Data centers run on diesel fuel, and can emit 150 thousand pounds of carbon dioxide annually. Though cleaner forms of power are available, data centers don’t use them on the basis that they are less reliable than traditional sources. Instead, North American data centers get their energy from electricity grids. The biggest offender is Virginia’s “data center alley,” which handled 70 percent of the world’s internet traffic in 2019. Because of backup servers, it’s not unheard of for 90% of energy pulled from the grid to be wasted.  From an energy engineering perspective, the efficiency of server farms is captured by their PUE (Power Usage Effectiveness): to know more, check out this link.

CO2 and Environmental Impact

In addition to wasting energy, data centers are known for having a negative impact on air quality. Many have appeared on the Toxic Air Contaminant Inventory, which records the worst polluters in the tech-savvy Silicon Valley area. According to ComputerWorld magazine, data centers are on track to account for 3.2% of worldwide carbon emissions by 2025, and 14% by 2040. Energy use by data centers has consistently doubled every four years, giving servers the largest carbon footprint of any modern technology.

Wasting Water

Many data centers lower the temperature of their servers through Chilled Water Systems. The U.S. National Security Agency’s (NSA) Utah Data Center requires seven million gallons of water to operate, and has created water and power outages for the nearby community of Bluffdale. The Uptime Institute has shown that a data center (1 MW) with traditional cooling methods uses around 25 million liters of water per year.

The Impact of Electronic Waste

Electronic waste is another major downside to relying on server farms. Data centers must replace their equipment every five years. Though many people are aware of the dangers of exhaust fumes, a single server produces more carbon dioxide than a car. Equipment that a server farm uses is not limited to the servers themselves, and includes:

 

  • Cables
  • Computer room air conditioners (CRACs)
  • Computer room air handlers (CRAHs)
  • Batteries
  • Uninterruptible power supplies (UPS)
  • Power distribution units (PDUs)
  • Transformers 

 

Electronics are abandoned when they fail to meet the standards of reliability and redundancy set by organizations like the Uptime Institute, the digital standard bearer for digital infrastructure performance. According to Greenpeace, less than 16% of all electronic waste is recycled. This is especially concerning because batteries used by server farms require mining heavy metals like:

 

  • Mercury
  • Gold
  • Lead
  • Silver
  • Palladium
  • Cadmium
  • Brominated Flame Retardants



In addition to wasting valuable resources, getting rid of outdated equipment runs the risk of contaminating the environment. According to the MIT Press Reader, “Some of these components have toxic polychlorinated biphenyls (PCBs) and must be disposed of rather than reused.”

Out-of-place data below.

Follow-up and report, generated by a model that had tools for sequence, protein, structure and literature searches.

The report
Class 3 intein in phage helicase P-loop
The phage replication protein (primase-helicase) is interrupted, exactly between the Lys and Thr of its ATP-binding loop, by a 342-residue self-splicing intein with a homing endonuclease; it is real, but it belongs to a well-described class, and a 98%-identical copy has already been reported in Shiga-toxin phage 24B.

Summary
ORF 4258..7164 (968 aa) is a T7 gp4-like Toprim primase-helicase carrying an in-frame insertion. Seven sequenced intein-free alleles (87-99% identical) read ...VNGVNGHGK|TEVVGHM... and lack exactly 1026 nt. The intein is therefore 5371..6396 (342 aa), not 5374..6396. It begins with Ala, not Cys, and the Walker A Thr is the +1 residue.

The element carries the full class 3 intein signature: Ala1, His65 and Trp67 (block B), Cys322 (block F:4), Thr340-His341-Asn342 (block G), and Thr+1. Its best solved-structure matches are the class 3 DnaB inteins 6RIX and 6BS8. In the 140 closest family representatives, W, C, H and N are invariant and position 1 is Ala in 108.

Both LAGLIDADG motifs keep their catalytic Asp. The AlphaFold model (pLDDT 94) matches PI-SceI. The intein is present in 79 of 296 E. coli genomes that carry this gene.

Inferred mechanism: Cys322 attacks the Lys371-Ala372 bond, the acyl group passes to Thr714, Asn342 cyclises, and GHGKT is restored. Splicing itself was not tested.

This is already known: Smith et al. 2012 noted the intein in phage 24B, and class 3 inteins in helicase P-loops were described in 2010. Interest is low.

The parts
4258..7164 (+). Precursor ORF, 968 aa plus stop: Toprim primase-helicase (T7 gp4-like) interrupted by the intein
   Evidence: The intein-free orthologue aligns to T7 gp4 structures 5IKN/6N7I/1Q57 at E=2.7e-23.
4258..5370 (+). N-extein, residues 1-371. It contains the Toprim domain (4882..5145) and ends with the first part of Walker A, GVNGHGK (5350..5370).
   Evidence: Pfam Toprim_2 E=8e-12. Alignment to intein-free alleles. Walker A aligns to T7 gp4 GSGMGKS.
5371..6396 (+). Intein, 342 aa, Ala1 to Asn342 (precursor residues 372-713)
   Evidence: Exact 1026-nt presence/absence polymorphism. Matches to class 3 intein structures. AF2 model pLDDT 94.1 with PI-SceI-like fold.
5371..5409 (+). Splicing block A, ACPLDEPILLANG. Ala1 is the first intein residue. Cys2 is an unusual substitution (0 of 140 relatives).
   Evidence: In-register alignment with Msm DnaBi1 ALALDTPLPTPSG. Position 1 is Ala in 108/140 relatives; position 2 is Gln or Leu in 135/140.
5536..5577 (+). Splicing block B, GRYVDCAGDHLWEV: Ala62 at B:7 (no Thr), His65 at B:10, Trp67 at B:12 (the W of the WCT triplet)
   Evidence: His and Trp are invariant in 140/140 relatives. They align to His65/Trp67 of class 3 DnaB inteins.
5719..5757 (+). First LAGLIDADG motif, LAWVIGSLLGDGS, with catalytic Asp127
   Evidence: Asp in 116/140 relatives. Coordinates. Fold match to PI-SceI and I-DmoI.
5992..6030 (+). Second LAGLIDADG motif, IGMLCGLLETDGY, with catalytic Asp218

Solution A: Better Server Farms

Because data center cooling takes a major environmental toll, one solution is to put data centers in naturally cold climates like Canada or Iceland. Lower temperatures would take the place of air conditioners and chilled water systems. Other potential methods to reduce energy usage include:

 

  • Using recycled or reclaimed water 
  • Evaporative air solutions
  • Independent fresh air cooling
  • Solar power

 

Major tech companies have recognized the harmful impact that data centers can have on the environment. From 2018 – 2020 Microsoft’s project Natick put servers underwater in an attempt to reduce the environmental impact of cooling. Google, Facebook, and Amazon have committed to becoming carbon neutral through carbon offsetting and investment in renewable energy infrastructures. Google plans to make its data centers carbon free by 2030. On the policy side, the EU has a goal of making all data centers climate neutral by 2030.

Solution B: Grid Computing and ByteNite

Grid computing offers all the positives of cloud computing with remote servers, but avoids the hassle of server farms. Rather than export work to thousands of interconnected servers that require cooling and energy management, systems like ByteNite rely on outsourced and independently operated devices like laptops, tablets, and phones. Additionally, these devices are already in use, which reduces any additional power usage further. The geographic distance between devices allows them to avoid overheating without additional fans or water cooling systems. 


Rather than increase electronic waste, grid computing services have the potential to lower it. ByteNite lets users put their older devices to work, so they can be reused rather than disposed of in landfill. Through innovative solutions, it’s possible to enable technological innovation while also ensuring the health of the planet.